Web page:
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A machine vision-based blob analysis method is discussed in detail. The centroid value of an object is calculated from the image captured. The centroid value represents the location of the object in the workspace with respect to the image frame. In this work, red and blue objects are identified from the workspace.
Blob Analysis is a fundamental technique of machine vision based on analysis of consistent image regions. This tool is a choice for applications in which the objects being inspected are clearly discernible from the background. The main advantage of this technique to analyse an image includes high flexibility and excellent performance.
A blob is a group of connected pixels in an image that shares some common property (grayscale value). An example of Single blob and Multiple blob is shown in the below image. The white connected regions are blobs. The goal of blob detection is to identify and mark these regions.
The basic scenario of the Blob Analysis solution consists of the following steps:
1. Extraction – The RGB image is obtained as shown and it is converted into a Grayscale image with a threshold value. The threshold (0 to 1) is applied to obtain a region corresponding to the objects (or single object) being inspected as shown. In this example, red coloured objects are going to be detected.
2. Refinement – The extracted region is often flawed by the noise of various kind (due to inconsistent lighting or poor image quality). In the refinement step, the image is enhanced by applying a noise filter (median filter). The median filter is a non-linear digital technique used to remove noise from an image. Fig. 3.5 shows the output after applying the filter. After applying the noise filter, the image is converted into a black and white image with a red threshold. Fig. 3.6 shows the output with only red components.
3. Analysis – In the final step, the refined image is converted into a binary image and the final results are computed. If the image contains multiple objects, it is split into individual blobs each of which is inspected separately.
A bounding box is drawn over the blob. A Bounding Box of a blob is the minimum rectangle which contains the blob as shown. It is defined by finding the four pixels with minimum x-value, maximum x-value, minimum y-value and maximum y-value. From these values the width of the bounding box is given as xmax – xmin and the height as ymax – min.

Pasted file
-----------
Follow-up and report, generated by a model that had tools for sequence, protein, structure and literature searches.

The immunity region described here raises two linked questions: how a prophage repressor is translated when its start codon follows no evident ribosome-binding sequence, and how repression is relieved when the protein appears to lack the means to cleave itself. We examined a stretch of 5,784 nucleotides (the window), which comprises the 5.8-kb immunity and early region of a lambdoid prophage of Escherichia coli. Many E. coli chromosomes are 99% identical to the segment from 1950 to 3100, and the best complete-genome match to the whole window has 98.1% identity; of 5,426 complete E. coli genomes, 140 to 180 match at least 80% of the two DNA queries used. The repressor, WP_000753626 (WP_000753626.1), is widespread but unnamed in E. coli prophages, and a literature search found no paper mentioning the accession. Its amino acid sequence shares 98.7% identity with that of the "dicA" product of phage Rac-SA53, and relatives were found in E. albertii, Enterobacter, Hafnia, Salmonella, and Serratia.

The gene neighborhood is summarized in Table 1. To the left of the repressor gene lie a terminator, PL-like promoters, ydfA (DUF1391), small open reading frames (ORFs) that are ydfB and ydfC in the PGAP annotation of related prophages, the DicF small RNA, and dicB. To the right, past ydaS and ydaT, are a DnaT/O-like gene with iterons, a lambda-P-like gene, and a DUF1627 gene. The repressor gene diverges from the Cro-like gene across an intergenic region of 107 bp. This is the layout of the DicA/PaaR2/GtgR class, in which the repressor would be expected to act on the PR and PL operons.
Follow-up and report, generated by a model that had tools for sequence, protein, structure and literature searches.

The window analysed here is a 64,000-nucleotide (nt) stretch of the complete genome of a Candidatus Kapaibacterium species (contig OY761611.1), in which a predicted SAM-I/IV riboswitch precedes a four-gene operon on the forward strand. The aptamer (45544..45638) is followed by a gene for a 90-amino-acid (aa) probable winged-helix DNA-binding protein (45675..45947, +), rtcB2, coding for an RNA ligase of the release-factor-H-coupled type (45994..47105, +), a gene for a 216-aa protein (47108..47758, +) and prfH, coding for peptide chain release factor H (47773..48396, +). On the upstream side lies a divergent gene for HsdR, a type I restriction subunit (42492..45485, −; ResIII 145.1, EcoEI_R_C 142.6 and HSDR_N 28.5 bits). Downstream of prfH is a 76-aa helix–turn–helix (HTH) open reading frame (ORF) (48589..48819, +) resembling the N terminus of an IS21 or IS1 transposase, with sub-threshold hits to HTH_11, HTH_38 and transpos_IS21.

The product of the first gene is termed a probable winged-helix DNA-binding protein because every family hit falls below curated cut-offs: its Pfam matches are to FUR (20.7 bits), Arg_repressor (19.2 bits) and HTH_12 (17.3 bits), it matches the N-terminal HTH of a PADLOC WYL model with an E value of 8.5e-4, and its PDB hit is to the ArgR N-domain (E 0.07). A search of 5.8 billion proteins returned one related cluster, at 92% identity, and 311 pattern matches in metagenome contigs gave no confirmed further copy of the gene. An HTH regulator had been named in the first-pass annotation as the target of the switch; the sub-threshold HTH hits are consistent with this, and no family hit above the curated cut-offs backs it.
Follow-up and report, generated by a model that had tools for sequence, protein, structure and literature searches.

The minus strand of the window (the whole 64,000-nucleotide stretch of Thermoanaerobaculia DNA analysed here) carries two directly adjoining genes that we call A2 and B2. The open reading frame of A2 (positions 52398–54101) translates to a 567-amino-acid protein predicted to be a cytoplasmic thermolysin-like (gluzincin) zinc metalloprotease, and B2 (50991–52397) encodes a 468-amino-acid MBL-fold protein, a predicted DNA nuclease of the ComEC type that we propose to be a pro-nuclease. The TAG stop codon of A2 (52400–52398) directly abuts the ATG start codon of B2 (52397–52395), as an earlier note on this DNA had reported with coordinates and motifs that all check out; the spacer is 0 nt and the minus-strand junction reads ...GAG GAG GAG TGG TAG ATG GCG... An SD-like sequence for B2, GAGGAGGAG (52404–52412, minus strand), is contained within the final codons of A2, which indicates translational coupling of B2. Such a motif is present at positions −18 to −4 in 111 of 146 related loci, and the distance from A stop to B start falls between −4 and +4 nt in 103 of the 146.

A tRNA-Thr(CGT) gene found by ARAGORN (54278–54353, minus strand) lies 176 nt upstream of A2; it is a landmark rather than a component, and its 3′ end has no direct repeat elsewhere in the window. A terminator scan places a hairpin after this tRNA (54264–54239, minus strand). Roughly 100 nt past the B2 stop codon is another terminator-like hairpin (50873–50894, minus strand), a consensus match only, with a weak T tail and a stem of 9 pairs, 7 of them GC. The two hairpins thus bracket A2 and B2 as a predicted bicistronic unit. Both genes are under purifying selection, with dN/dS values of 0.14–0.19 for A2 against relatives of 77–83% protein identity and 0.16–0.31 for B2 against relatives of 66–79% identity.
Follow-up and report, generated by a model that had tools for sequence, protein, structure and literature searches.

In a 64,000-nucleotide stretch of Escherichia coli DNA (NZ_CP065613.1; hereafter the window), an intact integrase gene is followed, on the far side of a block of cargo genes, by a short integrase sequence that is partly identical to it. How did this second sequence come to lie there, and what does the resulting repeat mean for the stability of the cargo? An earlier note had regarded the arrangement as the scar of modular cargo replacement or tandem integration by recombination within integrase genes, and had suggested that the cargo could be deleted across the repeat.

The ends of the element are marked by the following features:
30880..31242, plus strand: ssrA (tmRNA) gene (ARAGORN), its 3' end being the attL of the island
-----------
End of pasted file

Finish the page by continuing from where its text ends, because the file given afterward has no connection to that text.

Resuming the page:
Once the blobs are detected and the bounding box is drawn over it, the centre of the blob (object) must be calculated as it represents the location of the object in the workspace.
The centroid (centre of mass) of a physical object is the location on the object where you should place your finger in order to balance the object. It is the average x- and y- location of the binary object. It is defined as a point, whose x-value is calculated by summing the x-coordinates of all pixels in the blob and then dividing by the total number of pixels. Similarly for the y-value. Mathematically, the centroid (x, y) of a blob (object) is calculated as in the below equation.
where N is the number of pixels in the blob. xi – yi is the x and y coordinates of the pixels respectively.Software
In this work, Matlab 2016a is used. OS Generic Video Interface hardware Support Package must also be installed.
In order to check whether the camera device, either your inbuilt webcam of the laptop or your externally connected camera is configured in Matlab, type the following statement in the command window and hit enter.
imaqhwinfo function returns information about all image acquisition adaptors available on the system. The output should be something like shown below.
MATLABVersion: '9.0 (R2016a)'
ToolboxName: 'Image Acquisition Toolbox'
ToolboxVersion: '5.0 (R2016a)'
winvideo is the inbuilt webcam of the laptop. That's it. All set to go! Copy-paste the code from the Code Section and Run the same in Matlab,